Wednesday February 27, 2008 - 12:13:30 GMT
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FOREX NEWS -Little respite seen for record-low dollar for now
By Toni Vorobyova
LONDON, Feb 27 (Reuters) - The dollar slid to an all-time low versus a basket of currencies on Wednesday after weak U.S. data and comments from a top Federal Reserve official cemented views for more U.S. rate cuts.
The euro vaulted above the psychological $1.50 mark for the first time in its 9-year history. The Swiss franc also rose to a record peak against the U.S. currency, while the New Zealand dollar touched levels not seen it was free-floated in 1985.
Analysts reckoned that Wednesday's calendar was unlikely to bring any respite to the dollar, with January durable goods orders and new home sales seen easing versus the previous month and Fed chairman Ben Bernanke seen leaving the door open for further rate cuts in his semi-annual monetary policy report before the House Financial Services Committee from 1500 GMT.
"The overnight explosion has been quite aggressive ... and the question is what's going to arrest the upward momentum (in the euro) and at the moment it would probably require some better U.S. data," said Jeremy Stretch, strategist at Rabobank.
"That doesn't seem to be happening any time soon, and it's going to be pretty unlikely that Bernanke is going to signal anything other than continued pre-emptive action from the Fed. In the short-term it seems that ... the path of least resistance is to the topside."
The euro rose as high as $1.5087 according to Reuters data, before paring gains to stand at $1.5049 by 1058 GMT <EUR=>.
The dollar index fell to a record low of 74.226 .DXY, and the greenback also plumbed a historic trough of 1.0668 Swiss francs <CHF=>.
Rallying commodity prices helped drive units like the Australian dollar <AUD=>, which climbed 0.6 percent to $0.9397, just short of its 24-year peak of $0.9401 set last November.
The New Zealand dollar jumped to a fresh 23-year post-float peak of $0.8213 <NZD=>.
EUROPE CONTRASTS WITH U.S.
Fed Vice Chairman Donald Kohn said on Tuesday a weakened U.S. economy was a bigger worry than higher inflation, suggesting a willingness for more rates cuts [ID:nN26364877].
His comments followed data showing the outlook for U.S. consumers falling to a 17-year low in February, while producer prices rose at their fastest pace in more than 26 years last month, fuelling concerns about stagflation in the world's largest economy. [ID:nN26322234]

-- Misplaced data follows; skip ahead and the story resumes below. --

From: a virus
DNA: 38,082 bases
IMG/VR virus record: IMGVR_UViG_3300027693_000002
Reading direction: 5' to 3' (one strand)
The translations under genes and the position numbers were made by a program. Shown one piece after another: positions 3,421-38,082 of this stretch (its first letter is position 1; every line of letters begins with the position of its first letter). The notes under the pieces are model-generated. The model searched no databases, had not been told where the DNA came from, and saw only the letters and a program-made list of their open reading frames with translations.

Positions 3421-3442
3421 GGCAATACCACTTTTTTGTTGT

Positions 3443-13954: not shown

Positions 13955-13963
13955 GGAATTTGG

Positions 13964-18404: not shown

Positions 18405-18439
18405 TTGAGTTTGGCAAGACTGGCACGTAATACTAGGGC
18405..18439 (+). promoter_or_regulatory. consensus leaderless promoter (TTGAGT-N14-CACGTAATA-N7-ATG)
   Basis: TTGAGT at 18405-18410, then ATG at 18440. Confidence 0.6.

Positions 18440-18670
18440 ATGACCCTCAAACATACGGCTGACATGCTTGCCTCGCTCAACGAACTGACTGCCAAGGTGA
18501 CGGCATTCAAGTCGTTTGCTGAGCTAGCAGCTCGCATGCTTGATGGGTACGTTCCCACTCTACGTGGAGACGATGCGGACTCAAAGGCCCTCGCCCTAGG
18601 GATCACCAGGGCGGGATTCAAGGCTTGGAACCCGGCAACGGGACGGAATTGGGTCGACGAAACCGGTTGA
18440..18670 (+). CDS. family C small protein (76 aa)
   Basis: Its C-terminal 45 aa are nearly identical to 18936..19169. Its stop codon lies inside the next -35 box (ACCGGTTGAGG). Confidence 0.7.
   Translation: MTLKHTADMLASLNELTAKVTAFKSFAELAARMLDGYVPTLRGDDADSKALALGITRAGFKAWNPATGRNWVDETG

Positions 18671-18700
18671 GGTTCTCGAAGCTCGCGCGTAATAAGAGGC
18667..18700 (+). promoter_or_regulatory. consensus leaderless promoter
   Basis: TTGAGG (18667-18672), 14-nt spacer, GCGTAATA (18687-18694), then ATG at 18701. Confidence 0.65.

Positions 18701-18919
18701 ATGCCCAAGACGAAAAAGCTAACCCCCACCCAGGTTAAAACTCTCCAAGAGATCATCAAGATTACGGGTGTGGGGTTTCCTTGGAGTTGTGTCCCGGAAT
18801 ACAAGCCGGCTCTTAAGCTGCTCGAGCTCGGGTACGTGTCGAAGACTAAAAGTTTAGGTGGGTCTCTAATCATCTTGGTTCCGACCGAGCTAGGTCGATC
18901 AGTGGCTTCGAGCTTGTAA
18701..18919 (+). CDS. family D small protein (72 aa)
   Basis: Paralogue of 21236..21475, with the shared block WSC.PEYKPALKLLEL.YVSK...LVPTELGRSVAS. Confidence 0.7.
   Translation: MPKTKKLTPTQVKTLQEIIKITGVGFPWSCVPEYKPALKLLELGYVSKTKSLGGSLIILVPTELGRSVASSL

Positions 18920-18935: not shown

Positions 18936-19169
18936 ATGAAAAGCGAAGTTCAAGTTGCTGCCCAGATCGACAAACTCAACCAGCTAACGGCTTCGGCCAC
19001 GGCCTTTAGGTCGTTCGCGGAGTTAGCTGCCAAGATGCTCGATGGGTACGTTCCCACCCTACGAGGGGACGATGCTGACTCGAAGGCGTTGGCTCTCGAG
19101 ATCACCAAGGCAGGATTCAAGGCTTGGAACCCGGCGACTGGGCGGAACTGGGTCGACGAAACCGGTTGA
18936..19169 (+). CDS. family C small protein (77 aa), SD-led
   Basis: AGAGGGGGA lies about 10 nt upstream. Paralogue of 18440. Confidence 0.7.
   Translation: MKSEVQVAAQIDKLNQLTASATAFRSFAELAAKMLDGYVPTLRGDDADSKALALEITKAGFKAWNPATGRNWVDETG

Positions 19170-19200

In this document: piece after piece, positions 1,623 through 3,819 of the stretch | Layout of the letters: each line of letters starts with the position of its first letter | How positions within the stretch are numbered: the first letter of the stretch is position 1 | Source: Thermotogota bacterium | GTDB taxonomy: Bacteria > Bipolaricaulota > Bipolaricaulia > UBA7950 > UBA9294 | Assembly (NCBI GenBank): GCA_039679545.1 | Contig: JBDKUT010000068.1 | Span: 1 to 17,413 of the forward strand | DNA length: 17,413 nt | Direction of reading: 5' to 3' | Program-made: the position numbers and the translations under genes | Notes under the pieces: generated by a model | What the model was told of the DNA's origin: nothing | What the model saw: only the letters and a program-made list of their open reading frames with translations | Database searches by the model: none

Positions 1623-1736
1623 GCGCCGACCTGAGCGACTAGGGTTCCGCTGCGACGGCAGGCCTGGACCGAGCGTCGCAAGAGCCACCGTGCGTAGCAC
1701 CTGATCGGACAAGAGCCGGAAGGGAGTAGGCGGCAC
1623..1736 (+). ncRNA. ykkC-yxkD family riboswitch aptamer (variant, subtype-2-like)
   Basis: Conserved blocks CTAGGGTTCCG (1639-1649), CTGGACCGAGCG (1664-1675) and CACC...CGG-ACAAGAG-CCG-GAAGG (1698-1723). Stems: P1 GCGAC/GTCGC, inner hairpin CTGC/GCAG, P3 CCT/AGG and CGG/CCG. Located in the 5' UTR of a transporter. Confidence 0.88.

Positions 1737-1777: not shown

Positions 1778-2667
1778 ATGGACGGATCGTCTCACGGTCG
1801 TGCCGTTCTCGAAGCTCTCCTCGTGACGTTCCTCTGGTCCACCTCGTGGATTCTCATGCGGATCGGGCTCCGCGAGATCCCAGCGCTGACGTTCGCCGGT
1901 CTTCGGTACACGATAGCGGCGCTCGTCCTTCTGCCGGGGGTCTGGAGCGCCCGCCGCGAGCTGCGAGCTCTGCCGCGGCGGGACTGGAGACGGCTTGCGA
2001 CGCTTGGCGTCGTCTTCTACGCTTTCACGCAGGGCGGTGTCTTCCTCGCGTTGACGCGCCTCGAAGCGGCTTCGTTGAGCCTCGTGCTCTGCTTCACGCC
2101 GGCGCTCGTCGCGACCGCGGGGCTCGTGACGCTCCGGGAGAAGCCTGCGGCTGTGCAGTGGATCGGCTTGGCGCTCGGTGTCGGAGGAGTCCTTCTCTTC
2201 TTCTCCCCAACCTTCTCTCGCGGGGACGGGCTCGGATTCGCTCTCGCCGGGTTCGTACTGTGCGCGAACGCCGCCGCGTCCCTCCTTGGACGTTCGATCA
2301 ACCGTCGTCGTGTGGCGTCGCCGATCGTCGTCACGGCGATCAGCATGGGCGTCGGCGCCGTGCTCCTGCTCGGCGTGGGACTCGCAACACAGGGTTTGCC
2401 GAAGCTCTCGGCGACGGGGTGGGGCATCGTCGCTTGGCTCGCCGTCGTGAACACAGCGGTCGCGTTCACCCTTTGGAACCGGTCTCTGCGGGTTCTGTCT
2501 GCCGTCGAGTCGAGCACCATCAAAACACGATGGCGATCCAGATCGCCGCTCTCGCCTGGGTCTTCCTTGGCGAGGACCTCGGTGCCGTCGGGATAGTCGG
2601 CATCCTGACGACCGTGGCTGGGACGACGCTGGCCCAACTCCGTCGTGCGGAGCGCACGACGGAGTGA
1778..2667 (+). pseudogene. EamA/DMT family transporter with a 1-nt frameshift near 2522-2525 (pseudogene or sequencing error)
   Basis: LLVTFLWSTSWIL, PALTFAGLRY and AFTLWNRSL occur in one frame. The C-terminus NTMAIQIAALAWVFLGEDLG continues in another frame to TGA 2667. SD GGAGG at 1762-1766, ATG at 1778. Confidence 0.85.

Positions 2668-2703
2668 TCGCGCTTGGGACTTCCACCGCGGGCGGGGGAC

"Once again the data supports the mounting evidence of an economic recession and there is little chance of any turnaround anytime soon," Calyon said in a research note.
In contrast to the gloomy U.S. data, recent economic reports on the euro zone were better than expected.
On Tuesday, a strong reading of German corporate sentiment cooled expectations the European Central Bank could cut interest rates in the near term from 4 percent, helping lift the euro.
Markets have fully priced in another 50 basis point cut to the 3.0 percent Fed funds rate next month, but have discounted only two 25 basis points worth of cuts by the ECB for this year.
In the medium term though, with so much bad economic news and such steep rate cuts already priced in for the United States, analysts say the euro could prove vulnerable once the ECB starts giving more weight to slowing growth than to rising inflationary pressures.
Such lofty euro levels could also cause concern for European politicians as they make it harder for firms to compete on price in the export market.
French budget minister Eric Woerth said on Wednesday that the single currency is at very high level versus the dollar, which would help importers but handicap exporters.
The German economy ministry also highlighted a potential negative impact on exports, but added that Germany should remain in robust shape despite euro/dollar moves.
This sentiment was echoed by the head of Germany's BGA exporters association, Anton Boerner, who told Reuters there was no need for panic over the exchange rate. (editing by David Christian-Edwards)
Â© Reuters 2008 All rights reserved
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